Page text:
A Few Wedding Cake Tips

Your cake does not need to feed all of your guests

Your cake should feed about sixty (60) percent of your guests if you are serving other desserts at your wedding, and about ninety (90) percent of your guests if you are only serving cake.

Simple doesn’t always mean cheaper

Don’t be fooled by the simplicity of the design. A three tiered, white cake with sugar flowers cascading top to bottom may look simple, but hours and hours of work go into creating those flowers. If you are having your cake professionally made, and budget is your main concern, talk to your cake designer about working within a set budget. There are lots of things a cake designer can do to cut cost and still get you the look you want. You might
also be surprised by what does fit within your budget. If you plan on making your cake
yourself, think about making the details in advance. If kept safe and dry, sugar flowers
and gumpaste details can last for months, even years.

Consider your venue when designing your cake

An oversized cake in an intimate setting, or a small, underdressed cake in a grand venue can look out of place and not so great in photos. The key to designing a cake to compliment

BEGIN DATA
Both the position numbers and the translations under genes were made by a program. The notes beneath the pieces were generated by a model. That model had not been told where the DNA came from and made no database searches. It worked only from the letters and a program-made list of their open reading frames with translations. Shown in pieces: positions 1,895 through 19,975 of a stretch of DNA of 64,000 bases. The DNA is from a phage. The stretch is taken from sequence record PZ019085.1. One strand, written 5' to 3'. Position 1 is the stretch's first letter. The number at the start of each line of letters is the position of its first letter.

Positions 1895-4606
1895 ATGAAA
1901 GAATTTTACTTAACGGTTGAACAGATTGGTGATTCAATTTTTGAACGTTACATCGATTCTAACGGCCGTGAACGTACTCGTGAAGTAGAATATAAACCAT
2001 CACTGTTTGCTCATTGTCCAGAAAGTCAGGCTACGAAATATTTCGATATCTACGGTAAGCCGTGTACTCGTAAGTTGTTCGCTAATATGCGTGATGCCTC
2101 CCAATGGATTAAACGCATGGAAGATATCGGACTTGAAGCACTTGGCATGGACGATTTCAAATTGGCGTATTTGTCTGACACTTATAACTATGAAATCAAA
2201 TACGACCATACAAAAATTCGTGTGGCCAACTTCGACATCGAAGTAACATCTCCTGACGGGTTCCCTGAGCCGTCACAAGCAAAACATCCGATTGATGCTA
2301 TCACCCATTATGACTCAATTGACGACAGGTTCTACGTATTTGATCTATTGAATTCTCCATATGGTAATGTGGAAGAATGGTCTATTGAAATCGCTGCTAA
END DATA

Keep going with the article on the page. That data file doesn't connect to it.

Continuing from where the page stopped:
your event is to take the size, decor and seating plan into consideration. Your cake should
be an obvious focal point, but should not be so big or dramatic that it overpowers you
and your bride/groom. The cake should stand out from the details in your decor and should be positioned to stand out without obstructing any views. Think about varying table heights when positioning your cake. If you are looking for a bigger cake but don’t want to feed hundreds upon hundreds, fake tiers can be often be added to create the desired look.

Look elsewhere for inspiration

It is possible to create almost anything with sugar so there is no need to be limited by what you have seen. If you are having your cake custom made, challenge your cake designer to design a cake that truly reflects your personal style. Maybe you want to incorporate a lace pattern from your dress, a personal monogram, or your grandmothers brooch. Take as many ideas, photos, fabric samples etc. as you can to your consultation as it will help the design process.

The mood of your event is important too

Consider the mood of your event when designing your cake too. If your goal is to set a romantic tone, softer colours will probably help reflect that vision better than matching the vibrant red roses in your decor. If you’re planning a more colorful reception then maybe that three tiered white cake you saw in a magazine isn’t the best fit either. Whether you’re designing your cake yourself or having it made by a professional, think about the feeling you’re trying to achieve and try to incorporate that into your design.


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